'Into The Planet' Captures Cave Diving's Mortal Risks — And All lts Glory

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Jill Heinerth's Into the Planet starts with the world-renowned cave diver almost dying while being one of the first humans to search for caves inside the B-15 iceberg, the largest moving object on earth.

"How does a dying person know when it's over? They say your life flashes before your eyes, but that isn't happening to me now. All I can think about is escaping from the water that I love more than anything else. I've spent my life immersed in a relationship with this element that nourishes and destroys, buoys and drowns — that has both freed me and taken the lives of my friends. Now, I have come to my moment of reckoning. My life began in water, and I refuse to accept that it may end here."

The opening pages are full of tension, adventure, and survival. They set the tone perfectly for what is a superb, honest, incredibly engaging book about Heinerth's life as a one of the world's top cave divers.

Heinerth's resume as a cave diver includes important exploratory dives around the globe, work on expeditions for National Geographic, PBS, and the BBC, and consulting for movies for director James Cameron, among others. And she also has a knack for storytelling. The writing in Into the Planet is immersive — Heinerth walks a fine line between chronicling the stunning beauty of some of the most exotic locales in the world and the somber realities of her work — like the incredible amount of training and effort that goes into it. She is also honest about the dangers of her chosen profession, which is something she establishes in the book's opening line: "If I die, it will be in the most glorious place nobody has ever seen."

While Into the Planet is a book about cave diving full of adventure and danger, it is a biography at the core. Heinerth takes readers along on an amazing journey that starts in an unlikely place: with her working in an office and taking a few diving classes as a hobby. From there, the narrative follows her as she becomes one of the most recognized names in her field. The journey isn't easy, but the author does a fantastic job of relating everything with ease and using a clear, straightforward prose that makes the book feel more like a conversation with a friend than a biography.

Patriarchy is everywhere, and cave diving is no different. While female explorers are not new, women have been historically underrepresented in exploration. This book shows how wrong that is. Heinerth never preaches against sexism in cave diving, but her writing makes it clear that she was aware of what her gender meant in the context of such a physical, hazardous sport from the start. Instead of letting that be an obstacle, she used it to feed the fire in her belly:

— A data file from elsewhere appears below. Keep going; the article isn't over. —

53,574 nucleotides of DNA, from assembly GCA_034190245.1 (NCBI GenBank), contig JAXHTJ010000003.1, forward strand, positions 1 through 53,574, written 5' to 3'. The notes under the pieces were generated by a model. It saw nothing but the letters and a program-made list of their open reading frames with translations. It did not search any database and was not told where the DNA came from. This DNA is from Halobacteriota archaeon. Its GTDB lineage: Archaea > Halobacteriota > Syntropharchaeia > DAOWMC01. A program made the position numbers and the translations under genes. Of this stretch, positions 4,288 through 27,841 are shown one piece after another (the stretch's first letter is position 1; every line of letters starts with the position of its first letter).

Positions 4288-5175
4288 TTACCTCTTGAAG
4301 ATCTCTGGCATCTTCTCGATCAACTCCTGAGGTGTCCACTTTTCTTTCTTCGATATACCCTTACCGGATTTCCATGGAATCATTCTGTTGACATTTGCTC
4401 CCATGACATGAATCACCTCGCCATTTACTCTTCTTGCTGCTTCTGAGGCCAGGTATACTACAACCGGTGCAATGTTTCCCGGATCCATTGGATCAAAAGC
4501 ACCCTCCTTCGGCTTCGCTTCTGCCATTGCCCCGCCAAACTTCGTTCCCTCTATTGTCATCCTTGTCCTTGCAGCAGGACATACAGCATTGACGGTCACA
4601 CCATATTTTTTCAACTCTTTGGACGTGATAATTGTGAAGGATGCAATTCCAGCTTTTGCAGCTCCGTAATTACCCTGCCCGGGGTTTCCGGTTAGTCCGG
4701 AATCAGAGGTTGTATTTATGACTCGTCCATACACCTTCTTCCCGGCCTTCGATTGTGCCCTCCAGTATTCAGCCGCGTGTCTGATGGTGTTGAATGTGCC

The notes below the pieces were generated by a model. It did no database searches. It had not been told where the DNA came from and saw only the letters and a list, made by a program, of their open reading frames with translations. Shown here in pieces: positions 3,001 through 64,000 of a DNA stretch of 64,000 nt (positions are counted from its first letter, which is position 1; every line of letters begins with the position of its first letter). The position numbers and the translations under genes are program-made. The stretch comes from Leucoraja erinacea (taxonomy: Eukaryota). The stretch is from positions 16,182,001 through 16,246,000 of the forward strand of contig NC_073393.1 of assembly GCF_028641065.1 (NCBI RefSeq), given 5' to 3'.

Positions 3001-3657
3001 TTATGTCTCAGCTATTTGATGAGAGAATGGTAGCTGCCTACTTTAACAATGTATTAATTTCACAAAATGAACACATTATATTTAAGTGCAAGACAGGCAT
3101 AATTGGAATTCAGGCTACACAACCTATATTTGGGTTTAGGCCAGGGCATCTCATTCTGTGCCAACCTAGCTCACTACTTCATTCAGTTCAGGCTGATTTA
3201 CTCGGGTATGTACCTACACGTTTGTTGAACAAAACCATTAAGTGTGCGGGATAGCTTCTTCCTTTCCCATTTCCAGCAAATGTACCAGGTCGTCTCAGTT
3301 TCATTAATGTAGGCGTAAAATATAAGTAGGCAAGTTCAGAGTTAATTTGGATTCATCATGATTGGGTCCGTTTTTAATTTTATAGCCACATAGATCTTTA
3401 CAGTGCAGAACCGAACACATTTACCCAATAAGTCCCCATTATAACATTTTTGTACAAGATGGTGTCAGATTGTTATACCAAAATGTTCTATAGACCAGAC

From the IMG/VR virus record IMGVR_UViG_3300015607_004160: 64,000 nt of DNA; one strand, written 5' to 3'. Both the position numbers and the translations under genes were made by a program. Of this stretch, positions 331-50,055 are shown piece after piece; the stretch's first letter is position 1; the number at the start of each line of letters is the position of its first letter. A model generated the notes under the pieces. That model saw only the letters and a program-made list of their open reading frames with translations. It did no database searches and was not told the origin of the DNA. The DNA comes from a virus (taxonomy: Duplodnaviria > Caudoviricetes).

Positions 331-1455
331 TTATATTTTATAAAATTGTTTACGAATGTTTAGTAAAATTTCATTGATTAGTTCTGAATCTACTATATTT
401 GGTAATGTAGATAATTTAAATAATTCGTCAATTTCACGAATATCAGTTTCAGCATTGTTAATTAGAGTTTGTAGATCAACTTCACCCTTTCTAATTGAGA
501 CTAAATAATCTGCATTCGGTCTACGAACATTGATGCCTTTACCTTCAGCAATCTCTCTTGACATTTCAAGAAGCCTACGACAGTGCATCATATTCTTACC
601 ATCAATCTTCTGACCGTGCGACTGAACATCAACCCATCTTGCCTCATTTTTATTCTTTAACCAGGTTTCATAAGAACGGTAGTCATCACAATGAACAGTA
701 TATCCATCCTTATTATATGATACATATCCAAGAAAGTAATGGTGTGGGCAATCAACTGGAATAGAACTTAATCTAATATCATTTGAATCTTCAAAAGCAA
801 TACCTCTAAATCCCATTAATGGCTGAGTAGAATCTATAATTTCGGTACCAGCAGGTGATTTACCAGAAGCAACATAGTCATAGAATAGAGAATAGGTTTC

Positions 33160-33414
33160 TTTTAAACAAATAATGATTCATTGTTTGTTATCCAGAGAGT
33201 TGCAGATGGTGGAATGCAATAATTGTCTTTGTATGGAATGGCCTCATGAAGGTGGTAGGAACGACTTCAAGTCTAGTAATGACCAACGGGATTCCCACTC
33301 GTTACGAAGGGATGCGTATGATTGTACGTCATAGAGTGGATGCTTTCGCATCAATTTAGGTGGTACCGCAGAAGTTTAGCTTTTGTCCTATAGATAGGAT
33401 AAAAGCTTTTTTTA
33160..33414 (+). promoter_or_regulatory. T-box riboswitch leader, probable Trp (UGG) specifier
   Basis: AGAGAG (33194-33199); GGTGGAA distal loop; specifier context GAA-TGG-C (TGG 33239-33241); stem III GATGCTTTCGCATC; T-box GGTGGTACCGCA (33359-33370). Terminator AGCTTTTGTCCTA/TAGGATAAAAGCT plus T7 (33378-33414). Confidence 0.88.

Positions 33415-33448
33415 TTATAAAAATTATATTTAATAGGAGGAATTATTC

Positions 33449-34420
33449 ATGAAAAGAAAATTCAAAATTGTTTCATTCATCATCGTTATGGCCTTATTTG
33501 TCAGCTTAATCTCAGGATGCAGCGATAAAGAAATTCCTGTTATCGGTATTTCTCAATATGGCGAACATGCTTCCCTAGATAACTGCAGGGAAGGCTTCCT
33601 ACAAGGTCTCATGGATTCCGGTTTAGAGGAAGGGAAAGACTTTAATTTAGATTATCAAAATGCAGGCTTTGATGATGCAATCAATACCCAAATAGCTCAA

"As the day wore on, though, my pack seemed to grow heavier, and by the time we reached the canyon floor, my toenails had paid the price of jamming up against the ends of my too-snug boots. They were bruised and falling out, and within the next few days, most of them would be gone. It was excruciatingly painful, but I couldn't appear weak to my expedition mates, so I masked the pain, determined to carry on, unflappable. I wanted my new friends to know they could count of me. If I became a burden to the group, unable to pull my own weight, this would be the last I would be invited on a project. Perhaps I felt additional self-imposed pressure as a woman. In the past I had been held back from opportunities because I was a girl."

Into the Planet offers a very complete, nuanced look at cave diving and everything it entails. Heinerth weaves together her own stories and adventures with details about preparation, travelling, mosquitoes and dangerous fauna, making sure there is food and water during expeditions, equipment failures, and sudden disasters. She also talks about the emotional aspects of cave diving and discusses everything from "post-expedition blues" and floating aimlessly through life after achieving a goal, to the loss of her mentor while diving — and even coming close to death herself while suffering from the bends, feeling she was "a shaken pop bottle waiting to see if the cap was going to get ripped off."

There is something captivating about humans pushing their physical and psychological limits to explore places no one has been to before in the name of science and knowledge. Into the Planet is a hybrid book that gives readers a lot of that while also being a captivating biography and a love letter to a sport where any small mistake can result in death — and any perfect dive can mean an amazing discovery.

Gabino Iglesias is an author, book reviewer and professor living in Austin, Texas. Find him on Twitter: @Gabino_Iglesias.

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